PHOENIX – Arthur Andersen LLP reached a new $217 million agreement Monday to settle civil cases stemming from the collapse of the Baptist Foundation of Arizona, which lost $570 million belonging to 13,000 mostly elderly investors.
Superior Court Judge Edward Burke accepted the settlement, which came one week into a trial where the foundation's trust was seeking $150 million in compensatory damages and more in punitive damages relating to Andersen's audit work for the foundation.
The settlement resolves the trust case as well as a class-action lawsuit and pending cases brought by state regulators and the Arizona attorney general's office.
"Andersen is willing to accept its shared responsibility and has done so with this settlement. We hope other responsible parties also act accordingly. This puts all of these cases behind us and allows the firm to move forward. We think this is fair to the investors," said Andersen attorney Ed Novak.
On March 29, the accounting firm backed out of another $217 million settlement after saying its insurance carrier, Hamilton, Bermuda-based Professional Services Insurance Co., was unable to pay it.
Afterward, attorneys said all the pending cases would be resolved in court. The bankruptcy trust's lawsuit went on trial April 29.
A spokeswoman for the Arizona Corporation Commission, which regulates securities, said that "based on what happened last time it may be premature to hold a tickertape parade."
"Once all those payments are made there will be cause for celebration," spokeswoman Heather Murphy said.
Investors will get back about $175 million from the settlement, said foundation lawyer Sean Coffey. Another $220 million remains in trust assets.
Under the new settlement, Andersen must make an initial payment of $11 million by June 4 then pay off the rest in installments by Oct. 25.
Ted Kelly, 67, who lost $300,000 in the foundation collapse, said he and his wife think of the case as a roller coaster.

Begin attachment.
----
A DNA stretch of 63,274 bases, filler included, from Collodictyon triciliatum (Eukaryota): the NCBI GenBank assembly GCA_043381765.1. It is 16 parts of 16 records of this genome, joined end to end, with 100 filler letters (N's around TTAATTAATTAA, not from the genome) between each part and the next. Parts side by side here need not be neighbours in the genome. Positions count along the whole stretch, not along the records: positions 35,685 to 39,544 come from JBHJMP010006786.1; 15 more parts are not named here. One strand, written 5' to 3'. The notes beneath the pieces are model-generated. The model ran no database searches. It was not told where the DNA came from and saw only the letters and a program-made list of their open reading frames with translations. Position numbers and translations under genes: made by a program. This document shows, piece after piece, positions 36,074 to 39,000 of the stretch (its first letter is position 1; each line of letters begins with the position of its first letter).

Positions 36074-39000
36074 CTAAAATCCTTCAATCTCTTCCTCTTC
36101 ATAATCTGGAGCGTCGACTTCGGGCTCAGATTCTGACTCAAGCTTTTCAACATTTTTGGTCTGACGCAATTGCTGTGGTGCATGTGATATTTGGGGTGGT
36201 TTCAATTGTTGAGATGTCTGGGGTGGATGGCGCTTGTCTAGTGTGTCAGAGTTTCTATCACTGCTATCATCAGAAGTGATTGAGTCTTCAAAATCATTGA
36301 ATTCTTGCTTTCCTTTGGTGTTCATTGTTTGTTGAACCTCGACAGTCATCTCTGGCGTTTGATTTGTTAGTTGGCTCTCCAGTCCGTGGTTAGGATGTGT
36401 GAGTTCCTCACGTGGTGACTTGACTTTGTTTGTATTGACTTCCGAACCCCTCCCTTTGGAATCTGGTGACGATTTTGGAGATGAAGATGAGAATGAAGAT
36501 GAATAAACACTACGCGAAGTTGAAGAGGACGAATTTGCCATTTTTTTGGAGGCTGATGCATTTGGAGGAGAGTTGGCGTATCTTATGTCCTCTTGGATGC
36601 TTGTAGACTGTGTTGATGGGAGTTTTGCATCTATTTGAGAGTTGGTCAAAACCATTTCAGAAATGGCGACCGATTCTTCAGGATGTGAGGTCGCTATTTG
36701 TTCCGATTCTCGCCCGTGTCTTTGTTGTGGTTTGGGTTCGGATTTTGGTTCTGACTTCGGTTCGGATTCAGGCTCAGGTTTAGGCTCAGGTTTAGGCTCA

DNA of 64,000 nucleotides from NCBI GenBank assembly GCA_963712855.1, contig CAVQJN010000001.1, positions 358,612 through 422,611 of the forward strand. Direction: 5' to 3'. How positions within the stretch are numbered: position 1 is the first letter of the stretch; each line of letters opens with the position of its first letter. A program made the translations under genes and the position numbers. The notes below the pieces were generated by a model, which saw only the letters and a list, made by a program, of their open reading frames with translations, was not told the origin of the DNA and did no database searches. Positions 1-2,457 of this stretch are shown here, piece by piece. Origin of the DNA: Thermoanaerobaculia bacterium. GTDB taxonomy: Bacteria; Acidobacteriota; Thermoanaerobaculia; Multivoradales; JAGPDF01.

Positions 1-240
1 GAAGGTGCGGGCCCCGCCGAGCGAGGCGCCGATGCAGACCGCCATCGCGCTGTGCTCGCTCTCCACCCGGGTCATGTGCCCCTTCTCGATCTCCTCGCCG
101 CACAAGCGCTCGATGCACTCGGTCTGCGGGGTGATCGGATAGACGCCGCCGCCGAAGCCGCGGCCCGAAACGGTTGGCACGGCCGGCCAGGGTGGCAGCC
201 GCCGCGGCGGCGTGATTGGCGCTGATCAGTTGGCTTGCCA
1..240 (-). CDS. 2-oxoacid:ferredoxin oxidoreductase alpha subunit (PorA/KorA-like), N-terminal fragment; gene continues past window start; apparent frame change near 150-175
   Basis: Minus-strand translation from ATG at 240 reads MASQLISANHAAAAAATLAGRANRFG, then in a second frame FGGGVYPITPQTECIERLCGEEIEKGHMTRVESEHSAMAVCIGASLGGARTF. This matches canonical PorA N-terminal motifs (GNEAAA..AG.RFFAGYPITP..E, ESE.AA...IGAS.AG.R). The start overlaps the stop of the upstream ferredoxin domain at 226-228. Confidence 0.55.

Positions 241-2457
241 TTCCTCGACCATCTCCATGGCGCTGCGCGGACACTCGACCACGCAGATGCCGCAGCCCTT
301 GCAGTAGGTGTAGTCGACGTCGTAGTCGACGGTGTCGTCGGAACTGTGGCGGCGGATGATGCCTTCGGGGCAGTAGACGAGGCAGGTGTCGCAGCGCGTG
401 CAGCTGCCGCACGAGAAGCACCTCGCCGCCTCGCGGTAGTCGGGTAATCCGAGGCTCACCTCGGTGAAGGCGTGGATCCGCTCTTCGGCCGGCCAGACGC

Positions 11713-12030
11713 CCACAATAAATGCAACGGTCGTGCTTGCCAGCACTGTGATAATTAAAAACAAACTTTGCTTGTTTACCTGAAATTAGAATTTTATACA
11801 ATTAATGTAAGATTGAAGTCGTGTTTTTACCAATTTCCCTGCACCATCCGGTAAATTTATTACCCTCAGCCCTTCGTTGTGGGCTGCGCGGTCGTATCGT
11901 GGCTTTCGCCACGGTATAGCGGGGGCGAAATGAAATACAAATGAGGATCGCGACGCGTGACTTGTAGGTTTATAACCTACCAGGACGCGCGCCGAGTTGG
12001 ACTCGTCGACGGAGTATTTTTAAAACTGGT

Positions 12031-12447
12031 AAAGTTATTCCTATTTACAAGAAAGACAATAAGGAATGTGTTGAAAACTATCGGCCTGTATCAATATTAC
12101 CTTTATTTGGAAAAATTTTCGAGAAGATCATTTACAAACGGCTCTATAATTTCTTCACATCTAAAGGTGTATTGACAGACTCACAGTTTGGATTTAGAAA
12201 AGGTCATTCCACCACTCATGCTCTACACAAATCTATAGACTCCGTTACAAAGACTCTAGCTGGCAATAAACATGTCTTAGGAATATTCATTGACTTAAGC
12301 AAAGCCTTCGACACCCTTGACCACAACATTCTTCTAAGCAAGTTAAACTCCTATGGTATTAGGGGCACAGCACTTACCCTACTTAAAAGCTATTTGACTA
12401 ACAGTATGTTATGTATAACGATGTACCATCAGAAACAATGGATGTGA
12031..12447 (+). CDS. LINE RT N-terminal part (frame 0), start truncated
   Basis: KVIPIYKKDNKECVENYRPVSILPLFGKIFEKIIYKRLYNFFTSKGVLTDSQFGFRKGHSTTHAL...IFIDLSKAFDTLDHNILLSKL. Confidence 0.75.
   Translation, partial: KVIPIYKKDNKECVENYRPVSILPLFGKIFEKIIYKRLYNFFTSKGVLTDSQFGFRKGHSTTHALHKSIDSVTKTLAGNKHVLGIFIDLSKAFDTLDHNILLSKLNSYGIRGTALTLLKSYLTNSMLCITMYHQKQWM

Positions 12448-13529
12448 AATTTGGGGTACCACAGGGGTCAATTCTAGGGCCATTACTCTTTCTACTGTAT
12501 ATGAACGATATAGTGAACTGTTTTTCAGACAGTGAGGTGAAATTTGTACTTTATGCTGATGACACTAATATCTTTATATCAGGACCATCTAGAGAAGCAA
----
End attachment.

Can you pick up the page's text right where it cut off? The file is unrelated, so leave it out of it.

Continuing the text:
"We were at the bottom of the roller coaster. Now we're back at the top," he said.
The Baptist foundation was created in 1948 as a nonprofit religious entity to raise money for Southern Baptist causes.
During the 1980s, the foundation and its related companies began aggressively raising money through the sale of securities and the management of individual retirement accounts.
But Arizona officials said the foundation used a web of related companies to siphon off hundreds of millions of dollars in investment funds before its 1999 bankruptcy.
The liquidation trust said Andersen ignored warnings signs of foundation fraud, including whistle-blowers and a series of newspaper articles. It also alleged Andersen concealed huge losses on financial statements that would have alerted investors to the foundation's troubles.
The state's lawsuit alleged that Andersen prepared financial statements that concealed huge losses that should have been red-flagged to alert investors. As has also been alleged in Enron-related lawsuits against Andersen, the lawsuits said the firm ignored or inadequately investigated warnings of potential trouble.
The state said that situation allowed senior managers of the foundation to mislead the board of directors and to engage in fraud at the expense of investors, drawing in money from new investors to pay inflated returns to past investors.
Three former foundation officials have pleaded guilty to fraud charges. Five others await trial.